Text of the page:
First sites admit data loss through Heartbleed attacks
Canada’s tax authority and a popular British parenting website both lost user data after attackers exploited the Heartbleed SSL vulnerability, they said Monday.
The admissions are thought to be the first from websites that confirm data loss as a result of Heartbleed, which was first publicized last Tuesday. The flaw existed in Open SSL, a cryptographic library used by thousands of websites to enable encryption, and was quickly labeled one of the most serious security vulnerabilities in years.
The Canada Revenue Agency (CRA) blocked public access to its online services last Tuesday in reaction to the announcement, but that wasn’t fast enough to stop attackers from stealing information, it said on its website.
“Regrettably, the CRA has been notified by the Government of Canada’s lead security agencies of a malicious breach of taxpayer data that occurred over a six-hour period. Based on our analysis to date, Social Insurance Numbers of approximately 900 taxpayers were removed from CRA systems by someone exploiting the Heartbleed vulnerability.”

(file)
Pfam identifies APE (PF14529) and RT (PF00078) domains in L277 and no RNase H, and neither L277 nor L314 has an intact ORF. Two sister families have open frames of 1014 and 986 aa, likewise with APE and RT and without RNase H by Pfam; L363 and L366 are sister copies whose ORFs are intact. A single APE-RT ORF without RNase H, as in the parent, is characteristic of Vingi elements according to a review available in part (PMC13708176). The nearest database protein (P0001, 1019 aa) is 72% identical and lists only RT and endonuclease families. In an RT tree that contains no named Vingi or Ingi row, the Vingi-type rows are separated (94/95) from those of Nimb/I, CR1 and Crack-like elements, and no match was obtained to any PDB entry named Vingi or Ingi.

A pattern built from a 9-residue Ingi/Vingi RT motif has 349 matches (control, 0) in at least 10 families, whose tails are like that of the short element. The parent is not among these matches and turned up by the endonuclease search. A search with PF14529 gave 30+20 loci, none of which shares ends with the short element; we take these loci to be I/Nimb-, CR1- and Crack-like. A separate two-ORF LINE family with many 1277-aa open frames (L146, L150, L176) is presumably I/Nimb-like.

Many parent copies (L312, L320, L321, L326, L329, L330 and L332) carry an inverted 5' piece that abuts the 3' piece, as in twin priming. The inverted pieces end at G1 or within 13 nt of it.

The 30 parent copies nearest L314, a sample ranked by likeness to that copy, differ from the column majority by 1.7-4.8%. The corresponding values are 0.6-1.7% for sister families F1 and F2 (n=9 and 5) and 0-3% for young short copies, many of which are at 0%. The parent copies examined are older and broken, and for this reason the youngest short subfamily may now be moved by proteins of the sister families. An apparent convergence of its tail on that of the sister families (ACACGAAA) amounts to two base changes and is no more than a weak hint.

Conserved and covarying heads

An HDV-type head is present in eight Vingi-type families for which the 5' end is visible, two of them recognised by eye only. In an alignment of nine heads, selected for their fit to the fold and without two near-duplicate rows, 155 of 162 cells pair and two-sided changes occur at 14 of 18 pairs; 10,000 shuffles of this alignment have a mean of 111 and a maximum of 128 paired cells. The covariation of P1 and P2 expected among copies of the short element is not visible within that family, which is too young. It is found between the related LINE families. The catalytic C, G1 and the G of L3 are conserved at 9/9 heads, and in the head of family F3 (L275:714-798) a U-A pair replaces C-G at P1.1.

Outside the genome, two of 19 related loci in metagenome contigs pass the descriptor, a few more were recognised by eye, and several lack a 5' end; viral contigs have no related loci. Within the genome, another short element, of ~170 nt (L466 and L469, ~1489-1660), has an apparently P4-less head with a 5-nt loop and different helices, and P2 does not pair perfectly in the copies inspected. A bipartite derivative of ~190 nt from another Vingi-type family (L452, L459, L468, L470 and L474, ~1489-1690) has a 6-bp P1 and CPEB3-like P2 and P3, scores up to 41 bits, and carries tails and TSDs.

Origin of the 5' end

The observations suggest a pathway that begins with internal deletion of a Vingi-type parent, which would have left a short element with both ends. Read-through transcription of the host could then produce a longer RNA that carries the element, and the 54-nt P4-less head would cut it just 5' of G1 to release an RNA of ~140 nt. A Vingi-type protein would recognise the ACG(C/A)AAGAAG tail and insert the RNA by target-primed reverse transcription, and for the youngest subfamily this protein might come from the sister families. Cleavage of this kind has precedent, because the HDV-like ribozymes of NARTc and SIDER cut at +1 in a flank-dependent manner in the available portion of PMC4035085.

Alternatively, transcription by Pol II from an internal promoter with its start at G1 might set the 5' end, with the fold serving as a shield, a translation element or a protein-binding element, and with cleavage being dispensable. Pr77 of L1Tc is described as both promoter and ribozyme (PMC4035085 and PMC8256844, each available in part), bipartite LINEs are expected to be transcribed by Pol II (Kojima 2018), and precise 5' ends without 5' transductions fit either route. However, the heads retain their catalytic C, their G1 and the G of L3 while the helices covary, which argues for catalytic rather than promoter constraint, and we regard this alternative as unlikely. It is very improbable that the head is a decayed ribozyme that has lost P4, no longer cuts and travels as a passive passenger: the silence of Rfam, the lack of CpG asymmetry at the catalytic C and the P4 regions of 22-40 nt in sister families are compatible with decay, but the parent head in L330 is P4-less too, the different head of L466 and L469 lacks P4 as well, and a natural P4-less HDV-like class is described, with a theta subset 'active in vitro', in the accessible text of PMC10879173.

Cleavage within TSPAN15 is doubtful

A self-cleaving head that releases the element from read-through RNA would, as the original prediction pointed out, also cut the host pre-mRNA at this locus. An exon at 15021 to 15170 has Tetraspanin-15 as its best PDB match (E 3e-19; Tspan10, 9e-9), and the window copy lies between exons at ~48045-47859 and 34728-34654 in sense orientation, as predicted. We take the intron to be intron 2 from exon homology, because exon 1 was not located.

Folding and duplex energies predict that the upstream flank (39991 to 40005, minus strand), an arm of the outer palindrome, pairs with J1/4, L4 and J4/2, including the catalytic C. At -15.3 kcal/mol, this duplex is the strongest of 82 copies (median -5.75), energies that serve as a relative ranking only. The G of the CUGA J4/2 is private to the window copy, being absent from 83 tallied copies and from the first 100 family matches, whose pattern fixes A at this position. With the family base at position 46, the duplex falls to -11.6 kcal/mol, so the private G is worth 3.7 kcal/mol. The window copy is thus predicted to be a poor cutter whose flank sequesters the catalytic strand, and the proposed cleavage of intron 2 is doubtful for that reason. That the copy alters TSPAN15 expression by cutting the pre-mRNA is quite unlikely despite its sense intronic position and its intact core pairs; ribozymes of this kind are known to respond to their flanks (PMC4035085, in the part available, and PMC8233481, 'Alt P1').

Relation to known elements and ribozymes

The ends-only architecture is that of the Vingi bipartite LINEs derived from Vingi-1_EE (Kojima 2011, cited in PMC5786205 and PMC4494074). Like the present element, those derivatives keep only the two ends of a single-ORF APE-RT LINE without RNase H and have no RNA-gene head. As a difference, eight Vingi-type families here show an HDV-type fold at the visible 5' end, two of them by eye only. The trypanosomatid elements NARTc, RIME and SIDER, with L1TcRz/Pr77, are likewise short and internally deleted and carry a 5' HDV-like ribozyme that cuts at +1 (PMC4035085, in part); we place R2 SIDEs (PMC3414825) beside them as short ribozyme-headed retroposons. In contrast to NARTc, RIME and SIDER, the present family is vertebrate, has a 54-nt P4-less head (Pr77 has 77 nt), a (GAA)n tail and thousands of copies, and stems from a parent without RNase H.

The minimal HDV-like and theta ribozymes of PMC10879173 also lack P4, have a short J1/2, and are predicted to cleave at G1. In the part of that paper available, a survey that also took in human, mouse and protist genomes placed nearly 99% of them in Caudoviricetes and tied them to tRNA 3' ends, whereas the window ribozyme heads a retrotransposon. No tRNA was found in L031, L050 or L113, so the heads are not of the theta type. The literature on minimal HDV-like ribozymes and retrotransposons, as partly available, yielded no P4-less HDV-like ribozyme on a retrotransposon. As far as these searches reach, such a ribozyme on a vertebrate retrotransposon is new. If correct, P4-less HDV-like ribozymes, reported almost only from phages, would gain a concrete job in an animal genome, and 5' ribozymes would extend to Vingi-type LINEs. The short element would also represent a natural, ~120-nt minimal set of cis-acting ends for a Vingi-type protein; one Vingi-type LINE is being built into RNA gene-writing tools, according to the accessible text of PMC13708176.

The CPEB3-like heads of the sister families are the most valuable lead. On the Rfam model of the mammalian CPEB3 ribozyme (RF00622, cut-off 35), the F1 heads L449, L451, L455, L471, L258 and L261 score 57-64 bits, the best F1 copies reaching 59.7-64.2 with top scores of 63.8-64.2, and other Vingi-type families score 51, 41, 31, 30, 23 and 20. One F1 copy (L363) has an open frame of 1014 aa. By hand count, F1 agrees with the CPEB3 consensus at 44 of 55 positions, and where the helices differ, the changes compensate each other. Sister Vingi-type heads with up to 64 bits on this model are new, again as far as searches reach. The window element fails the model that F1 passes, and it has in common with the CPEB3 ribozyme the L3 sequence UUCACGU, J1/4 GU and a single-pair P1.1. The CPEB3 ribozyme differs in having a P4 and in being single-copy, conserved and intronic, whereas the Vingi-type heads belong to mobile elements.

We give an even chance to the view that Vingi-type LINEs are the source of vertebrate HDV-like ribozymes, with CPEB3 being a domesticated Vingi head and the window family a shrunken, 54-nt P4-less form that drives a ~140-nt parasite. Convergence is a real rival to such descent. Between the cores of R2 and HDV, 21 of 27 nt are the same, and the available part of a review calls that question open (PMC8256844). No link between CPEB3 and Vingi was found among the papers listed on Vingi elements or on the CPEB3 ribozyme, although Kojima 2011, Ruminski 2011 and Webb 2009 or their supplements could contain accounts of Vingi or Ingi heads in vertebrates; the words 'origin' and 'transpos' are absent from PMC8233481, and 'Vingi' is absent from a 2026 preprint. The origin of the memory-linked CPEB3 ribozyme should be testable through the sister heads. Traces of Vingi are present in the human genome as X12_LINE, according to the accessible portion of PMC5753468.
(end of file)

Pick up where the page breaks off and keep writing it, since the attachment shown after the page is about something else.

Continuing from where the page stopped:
The CRA said its analysis of the attack is not yet complete and it is continuing to analyze “other fragments of data, some that may relate to businesses” that was also apparently removed.
Mumsnet, a British parenting website with more than a million registered users, said over the weekend that it was forcing all users to change their passwords as a result of a Heartbleed attack.
“We are very sorry for all the fuss,” the site said. “We want to assure you that we followed all the published steps to protect members’ security as soon as we became aware of the Heartbleed security risk, but it seems that the breach occurred prior to that risk becoming known.”
The site first became aware of the problem after founder Justine Roberts found messages posted to the site from her own account, she told BBC News.